Email updates

Keep up to date with the latest news and content from BMC Bioinformatics and BioMed Central.

Open Access Methodology article

Selecting additional tag SNPs for tolerating missing data in genotyping

Yao-Ting Huang1, Kui Zhang3, Ting Chen4 and Kun-Mao Chao12*

Author Affiliations

1 Department of Computer Science and Information Engineering, National Taiwan University, Taipei, Taiwan

2 Graduate Institute of Networking and Multimedia, National Taiwan University, Taipei, Taiwan

3 Section on Statistical Genetics, Department of Biostatistics, University of Alabama at Birmingham, USA

4 Department of Biological Sciences, University of Southern California, Los Angeles, CA 90089, USA

For all author emails, please log on.

BMC Bioinformatics 2005, 6:263  doi:10.1186/1471-2105-6-263

Published: 1 November 2005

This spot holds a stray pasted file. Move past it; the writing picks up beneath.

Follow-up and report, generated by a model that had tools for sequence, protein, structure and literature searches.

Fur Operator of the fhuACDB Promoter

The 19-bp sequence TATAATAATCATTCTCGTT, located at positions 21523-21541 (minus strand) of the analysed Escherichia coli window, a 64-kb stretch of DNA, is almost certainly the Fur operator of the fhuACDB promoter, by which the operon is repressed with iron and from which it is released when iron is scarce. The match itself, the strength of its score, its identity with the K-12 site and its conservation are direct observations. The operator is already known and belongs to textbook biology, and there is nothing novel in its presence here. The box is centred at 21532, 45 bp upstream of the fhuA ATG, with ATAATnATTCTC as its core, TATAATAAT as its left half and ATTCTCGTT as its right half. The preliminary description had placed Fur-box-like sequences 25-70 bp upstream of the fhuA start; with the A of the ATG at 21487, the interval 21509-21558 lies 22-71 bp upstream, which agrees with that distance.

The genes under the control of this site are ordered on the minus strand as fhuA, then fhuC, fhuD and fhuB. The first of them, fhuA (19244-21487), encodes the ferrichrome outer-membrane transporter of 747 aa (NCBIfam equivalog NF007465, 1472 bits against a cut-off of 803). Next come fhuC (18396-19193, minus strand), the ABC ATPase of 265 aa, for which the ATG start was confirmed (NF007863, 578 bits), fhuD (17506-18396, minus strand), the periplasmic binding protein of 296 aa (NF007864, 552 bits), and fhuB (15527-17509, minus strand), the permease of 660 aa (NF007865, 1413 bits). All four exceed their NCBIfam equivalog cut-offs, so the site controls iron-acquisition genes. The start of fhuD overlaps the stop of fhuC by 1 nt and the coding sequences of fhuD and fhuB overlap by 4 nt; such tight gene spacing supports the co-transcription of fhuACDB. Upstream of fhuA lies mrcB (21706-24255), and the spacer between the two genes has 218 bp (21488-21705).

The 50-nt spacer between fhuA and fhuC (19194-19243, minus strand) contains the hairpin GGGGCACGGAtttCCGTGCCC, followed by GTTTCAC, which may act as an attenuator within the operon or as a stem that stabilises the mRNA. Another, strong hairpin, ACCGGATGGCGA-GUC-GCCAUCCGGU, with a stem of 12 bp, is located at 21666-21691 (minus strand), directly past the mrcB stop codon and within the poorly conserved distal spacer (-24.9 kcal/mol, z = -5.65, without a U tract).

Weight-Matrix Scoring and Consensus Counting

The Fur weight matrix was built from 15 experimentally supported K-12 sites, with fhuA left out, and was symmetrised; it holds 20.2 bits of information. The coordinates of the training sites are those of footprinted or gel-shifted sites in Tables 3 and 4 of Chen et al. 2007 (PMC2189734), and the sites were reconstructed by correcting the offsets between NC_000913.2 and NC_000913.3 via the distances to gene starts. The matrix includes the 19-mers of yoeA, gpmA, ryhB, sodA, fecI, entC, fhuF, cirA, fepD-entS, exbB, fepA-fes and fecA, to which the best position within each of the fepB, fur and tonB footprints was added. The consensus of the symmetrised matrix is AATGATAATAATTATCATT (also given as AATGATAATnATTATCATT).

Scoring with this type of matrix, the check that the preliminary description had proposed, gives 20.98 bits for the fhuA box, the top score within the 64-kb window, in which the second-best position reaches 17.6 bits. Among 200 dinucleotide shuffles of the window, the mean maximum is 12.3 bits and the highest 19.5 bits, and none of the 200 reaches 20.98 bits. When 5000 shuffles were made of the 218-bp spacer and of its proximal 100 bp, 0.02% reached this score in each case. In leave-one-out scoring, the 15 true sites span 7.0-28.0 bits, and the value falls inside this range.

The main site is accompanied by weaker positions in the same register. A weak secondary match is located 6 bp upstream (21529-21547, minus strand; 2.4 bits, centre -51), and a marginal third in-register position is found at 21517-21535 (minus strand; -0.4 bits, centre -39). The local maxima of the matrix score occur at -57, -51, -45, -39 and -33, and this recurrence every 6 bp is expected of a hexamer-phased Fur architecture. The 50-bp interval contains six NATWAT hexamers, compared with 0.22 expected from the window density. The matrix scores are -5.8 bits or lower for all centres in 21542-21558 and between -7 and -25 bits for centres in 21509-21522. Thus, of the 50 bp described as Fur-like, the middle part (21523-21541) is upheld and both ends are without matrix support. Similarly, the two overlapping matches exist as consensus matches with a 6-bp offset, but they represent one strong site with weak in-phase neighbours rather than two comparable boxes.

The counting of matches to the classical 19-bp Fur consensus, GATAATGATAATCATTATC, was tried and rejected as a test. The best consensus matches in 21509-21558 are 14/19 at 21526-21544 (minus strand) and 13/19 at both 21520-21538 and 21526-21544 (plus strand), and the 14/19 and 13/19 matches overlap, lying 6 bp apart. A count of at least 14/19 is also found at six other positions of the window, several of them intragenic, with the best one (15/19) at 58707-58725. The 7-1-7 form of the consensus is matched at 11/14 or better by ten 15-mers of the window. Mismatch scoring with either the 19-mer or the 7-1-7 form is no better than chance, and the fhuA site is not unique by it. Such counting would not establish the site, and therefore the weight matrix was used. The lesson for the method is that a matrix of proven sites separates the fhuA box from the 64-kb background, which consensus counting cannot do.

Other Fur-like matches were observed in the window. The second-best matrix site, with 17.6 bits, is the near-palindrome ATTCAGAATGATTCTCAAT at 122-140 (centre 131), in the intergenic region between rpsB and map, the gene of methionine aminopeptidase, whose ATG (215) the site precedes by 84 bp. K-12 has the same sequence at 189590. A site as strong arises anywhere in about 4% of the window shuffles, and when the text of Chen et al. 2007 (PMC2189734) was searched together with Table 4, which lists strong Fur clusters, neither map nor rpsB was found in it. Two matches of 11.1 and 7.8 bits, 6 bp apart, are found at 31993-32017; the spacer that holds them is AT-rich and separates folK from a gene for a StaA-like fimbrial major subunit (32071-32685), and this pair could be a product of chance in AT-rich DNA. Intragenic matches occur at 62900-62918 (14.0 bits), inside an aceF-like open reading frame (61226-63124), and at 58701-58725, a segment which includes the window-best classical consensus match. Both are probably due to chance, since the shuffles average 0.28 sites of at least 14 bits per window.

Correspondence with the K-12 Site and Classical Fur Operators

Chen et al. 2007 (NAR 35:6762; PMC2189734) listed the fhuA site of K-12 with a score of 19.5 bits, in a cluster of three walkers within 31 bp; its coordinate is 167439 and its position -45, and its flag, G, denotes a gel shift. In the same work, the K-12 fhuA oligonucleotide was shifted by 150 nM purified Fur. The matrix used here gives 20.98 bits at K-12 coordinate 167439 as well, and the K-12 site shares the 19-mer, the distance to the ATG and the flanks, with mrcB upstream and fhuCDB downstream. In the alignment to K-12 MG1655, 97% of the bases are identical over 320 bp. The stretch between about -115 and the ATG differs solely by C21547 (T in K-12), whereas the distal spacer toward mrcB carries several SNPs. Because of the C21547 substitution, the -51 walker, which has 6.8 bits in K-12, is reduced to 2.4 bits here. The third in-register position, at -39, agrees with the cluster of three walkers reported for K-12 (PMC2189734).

Abstract

Background

Recent studies have shown that the patterns of linkage disequilibrium observed in human populations have a block-like structure, and a small subset of SNPs (called tag SNPs) is sufficient to distinguish each pair of haplotype patterns in the block. In reality, some tag SNPs may be missing, and we may fail to distinguish two distinct haplotypes due to the ambiguity caused by missing data.

Results

We show there exists a subset of SNPs (referred to as robust tag SNPs) which can still distinguish all distinct haplotypes even when some SNPs are missing. The problem of finding minimum robust tag SNPs is shown to be NP-hard. To find robust tag SNPs efficiently, we propose two greedy algorithms and one linear programming relaxation algorithm. The experimental results indicate that (1) the solutions found by these algorithms are quite close to the optimal solution; (2) the genotyping cost saved by using tag SNPs can be as high as 80%; and (3) genotyping additional tag SNPs for tolerating missing data is still cost-effective.

Conclusion

Genotyping robust tag SNPs is more practical than just genotyping the minimum tag SNPs if we can not avoid the occurrence of missing data. Our theoretical analysis and experimental results show that the performance of our algorithms is not only efficient but the solution found is also close to the optimal solution.